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NASA’s Voyager 1 Turns On It’s Backup Thrusters After 37 Years

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NASA’s Voyager 1 Turns On It’s Backup Thrusters After 37 Years

Maddie Gudrian, Reporter

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After nearly 40 years, NASA turned in the Voyager 1’s backup engines to give it two or three years left to explore the vast universe outside of our solar system.

For the first time since 1980, the Voyager team was able to turn on the formerly dormant Voyager 1 backup engines.

Back in 2012, the Voyager 1 became the first manmade object to interstellar space, meaning it officially left our solar system. Since then, it has been using standard thrusters to keep in contact with earth, but that started to lack, so NASA had to find a new way to stay in touch with the spacecraft. The Voyager team dug up decades old information to learn just exactly how to keep in contact with the Voyager 1.

“Because the spacecraft is 40 years old, and 13 billion miles away,” said NASA writer Elizabeth Landau, “Turning on the backup engines for short bursts of time has made it so the team can fully rely on the backup engines in 2020, and hopefully keep us in contact with it until 2025.”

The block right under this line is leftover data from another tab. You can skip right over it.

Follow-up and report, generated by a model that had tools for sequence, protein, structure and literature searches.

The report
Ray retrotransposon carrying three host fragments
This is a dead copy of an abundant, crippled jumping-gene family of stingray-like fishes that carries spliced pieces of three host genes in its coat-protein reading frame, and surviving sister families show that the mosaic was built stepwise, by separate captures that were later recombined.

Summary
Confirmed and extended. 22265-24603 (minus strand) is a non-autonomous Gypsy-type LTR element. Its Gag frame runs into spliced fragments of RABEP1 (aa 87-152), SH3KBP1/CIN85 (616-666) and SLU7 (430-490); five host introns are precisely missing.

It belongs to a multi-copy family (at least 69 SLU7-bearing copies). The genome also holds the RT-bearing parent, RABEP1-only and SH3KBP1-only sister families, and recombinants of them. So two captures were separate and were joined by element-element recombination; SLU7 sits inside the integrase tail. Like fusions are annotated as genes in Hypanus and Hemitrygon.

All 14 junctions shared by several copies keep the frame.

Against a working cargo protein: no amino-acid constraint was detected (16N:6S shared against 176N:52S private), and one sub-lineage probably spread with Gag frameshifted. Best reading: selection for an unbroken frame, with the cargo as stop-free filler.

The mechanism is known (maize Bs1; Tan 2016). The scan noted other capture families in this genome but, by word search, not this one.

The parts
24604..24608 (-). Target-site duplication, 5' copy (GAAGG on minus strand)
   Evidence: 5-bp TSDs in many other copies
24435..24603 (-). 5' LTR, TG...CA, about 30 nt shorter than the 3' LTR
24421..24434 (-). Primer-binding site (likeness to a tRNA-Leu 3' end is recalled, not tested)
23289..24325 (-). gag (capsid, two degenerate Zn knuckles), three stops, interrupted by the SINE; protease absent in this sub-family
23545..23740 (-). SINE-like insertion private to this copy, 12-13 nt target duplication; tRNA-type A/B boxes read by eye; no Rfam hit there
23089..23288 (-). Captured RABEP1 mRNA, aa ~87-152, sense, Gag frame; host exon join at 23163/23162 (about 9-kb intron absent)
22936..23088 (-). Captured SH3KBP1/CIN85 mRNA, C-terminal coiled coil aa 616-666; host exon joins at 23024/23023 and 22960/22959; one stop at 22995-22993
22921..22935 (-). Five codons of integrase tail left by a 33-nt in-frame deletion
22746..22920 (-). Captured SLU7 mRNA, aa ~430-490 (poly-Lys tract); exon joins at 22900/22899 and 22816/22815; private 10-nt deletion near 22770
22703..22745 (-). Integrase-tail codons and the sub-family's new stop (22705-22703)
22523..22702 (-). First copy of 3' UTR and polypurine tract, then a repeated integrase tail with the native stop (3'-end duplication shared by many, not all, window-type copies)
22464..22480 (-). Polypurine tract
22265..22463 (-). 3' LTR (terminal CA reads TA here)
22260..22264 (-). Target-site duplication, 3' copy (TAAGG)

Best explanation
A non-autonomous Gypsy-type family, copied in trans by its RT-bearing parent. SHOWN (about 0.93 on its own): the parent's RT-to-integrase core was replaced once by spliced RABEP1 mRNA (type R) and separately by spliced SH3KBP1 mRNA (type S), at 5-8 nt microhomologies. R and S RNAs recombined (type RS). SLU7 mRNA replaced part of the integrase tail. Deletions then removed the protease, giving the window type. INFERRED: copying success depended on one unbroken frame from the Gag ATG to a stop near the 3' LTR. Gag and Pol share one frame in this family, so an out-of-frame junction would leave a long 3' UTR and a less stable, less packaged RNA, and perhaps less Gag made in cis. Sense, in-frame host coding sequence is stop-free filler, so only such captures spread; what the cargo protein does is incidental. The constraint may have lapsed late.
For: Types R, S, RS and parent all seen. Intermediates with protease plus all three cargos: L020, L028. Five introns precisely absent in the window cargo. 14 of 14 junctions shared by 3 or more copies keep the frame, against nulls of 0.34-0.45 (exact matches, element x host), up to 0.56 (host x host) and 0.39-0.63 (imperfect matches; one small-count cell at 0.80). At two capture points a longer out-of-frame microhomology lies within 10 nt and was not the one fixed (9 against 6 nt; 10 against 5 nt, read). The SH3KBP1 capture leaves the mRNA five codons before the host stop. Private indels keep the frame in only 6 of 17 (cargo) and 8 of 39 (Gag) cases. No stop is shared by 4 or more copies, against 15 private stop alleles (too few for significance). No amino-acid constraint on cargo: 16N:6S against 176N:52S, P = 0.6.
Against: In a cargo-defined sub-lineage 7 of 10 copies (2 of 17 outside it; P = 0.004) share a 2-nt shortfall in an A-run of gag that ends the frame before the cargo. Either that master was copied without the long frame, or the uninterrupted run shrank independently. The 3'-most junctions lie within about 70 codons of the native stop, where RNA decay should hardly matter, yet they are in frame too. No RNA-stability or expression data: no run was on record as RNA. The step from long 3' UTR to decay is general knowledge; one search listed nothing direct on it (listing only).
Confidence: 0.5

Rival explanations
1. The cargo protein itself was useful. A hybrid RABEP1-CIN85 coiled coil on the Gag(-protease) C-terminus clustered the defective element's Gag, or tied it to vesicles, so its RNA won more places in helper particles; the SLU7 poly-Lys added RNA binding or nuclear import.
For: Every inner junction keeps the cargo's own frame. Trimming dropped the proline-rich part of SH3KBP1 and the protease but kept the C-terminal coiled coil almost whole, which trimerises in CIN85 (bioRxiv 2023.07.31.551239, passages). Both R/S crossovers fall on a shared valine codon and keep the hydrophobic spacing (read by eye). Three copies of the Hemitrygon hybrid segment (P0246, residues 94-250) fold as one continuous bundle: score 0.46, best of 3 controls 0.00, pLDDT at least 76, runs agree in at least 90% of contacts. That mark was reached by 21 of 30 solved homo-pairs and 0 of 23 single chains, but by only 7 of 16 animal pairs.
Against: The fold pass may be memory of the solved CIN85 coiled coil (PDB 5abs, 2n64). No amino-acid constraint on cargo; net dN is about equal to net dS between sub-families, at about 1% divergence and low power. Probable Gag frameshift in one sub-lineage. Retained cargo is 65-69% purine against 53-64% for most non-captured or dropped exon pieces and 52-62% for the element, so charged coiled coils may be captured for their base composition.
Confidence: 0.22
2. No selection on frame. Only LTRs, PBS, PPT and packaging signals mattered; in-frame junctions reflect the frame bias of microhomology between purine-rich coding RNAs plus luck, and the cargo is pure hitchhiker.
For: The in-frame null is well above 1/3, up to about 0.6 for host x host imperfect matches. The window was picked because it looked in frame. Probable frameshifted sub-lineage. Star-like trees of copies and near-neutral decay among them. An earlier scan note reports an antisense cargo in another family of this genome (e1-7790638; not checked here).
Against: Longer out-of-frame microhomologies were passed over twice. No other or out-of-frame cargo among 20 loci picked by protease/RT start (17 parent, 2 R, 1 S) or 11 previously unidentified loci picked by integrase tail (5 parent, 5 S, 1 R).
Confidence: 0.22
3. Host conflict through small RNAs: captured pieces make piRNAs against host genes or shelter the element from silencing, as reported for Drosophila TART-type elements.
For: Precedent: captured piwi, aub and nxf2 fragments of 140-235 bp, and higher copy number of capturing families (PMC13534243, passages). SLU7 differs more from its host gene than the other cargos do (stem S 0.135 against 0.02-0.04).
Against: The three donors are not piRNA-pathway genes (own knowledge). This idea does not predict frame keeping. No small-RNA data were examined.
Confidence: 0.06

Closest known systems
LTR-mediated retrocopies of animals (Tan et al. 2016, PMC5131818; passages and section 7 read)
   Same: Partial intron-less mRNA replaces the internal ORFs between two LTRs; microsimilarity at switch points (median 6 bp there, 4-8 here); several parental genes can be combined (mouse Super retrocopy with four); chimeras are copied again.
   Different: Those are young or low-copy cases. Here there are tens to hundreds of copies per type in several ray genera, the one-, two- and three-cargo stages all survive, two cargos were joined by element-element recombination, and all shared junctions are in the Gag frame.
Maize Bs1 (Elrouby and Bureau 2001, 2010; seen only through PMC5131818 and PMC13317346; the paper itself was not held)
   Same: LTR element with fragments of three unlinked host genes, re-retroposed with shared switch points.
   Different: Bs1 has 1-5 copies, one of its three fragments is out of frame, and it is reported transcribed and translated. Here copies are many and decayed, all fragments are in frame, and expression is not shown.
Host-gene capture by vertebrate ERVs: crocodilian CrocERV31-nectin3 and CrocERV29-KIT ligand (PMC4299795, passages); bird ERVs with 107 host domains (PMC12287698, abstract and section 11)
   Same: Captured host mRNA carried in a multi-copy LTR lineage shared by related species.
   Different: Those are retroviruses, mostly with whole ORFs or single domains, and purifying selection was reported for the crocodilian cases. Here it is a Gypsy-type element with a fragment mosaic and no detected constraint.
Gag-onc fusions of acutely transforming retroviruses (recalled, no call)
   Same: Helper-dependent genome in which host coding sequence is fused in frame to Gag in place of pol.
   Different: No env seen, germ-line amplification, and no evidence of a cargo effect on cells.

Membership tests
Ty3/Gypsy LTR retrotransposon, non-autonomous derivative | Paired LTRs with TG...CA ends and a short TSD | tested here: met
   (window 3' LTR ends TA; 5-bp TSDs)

How does this affect us?

“With the information we receive from spacecrafts such as the Voyagers, we can learn more information about the universe,” said Mike Wall, senior writer from space.com, “As Generation Z becomes the leading innovators in the technology and science worlds, it’s important that we know and understand exactly what’s outside of our universe so that the future generations can hopefully travel through space.”

As we look ahead to the future, NASA has confirmed that the Voyager 2 is going to enter interstellar space along with its sister.

Following the success of the Voyagers, NASA expects that in the year 40,272 the Voyager 1 will be 1.7 light years away from a star in the Little Dipper.

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NASA’s Voyager 1 Turns On It’s Backup Thrusters After 37 Years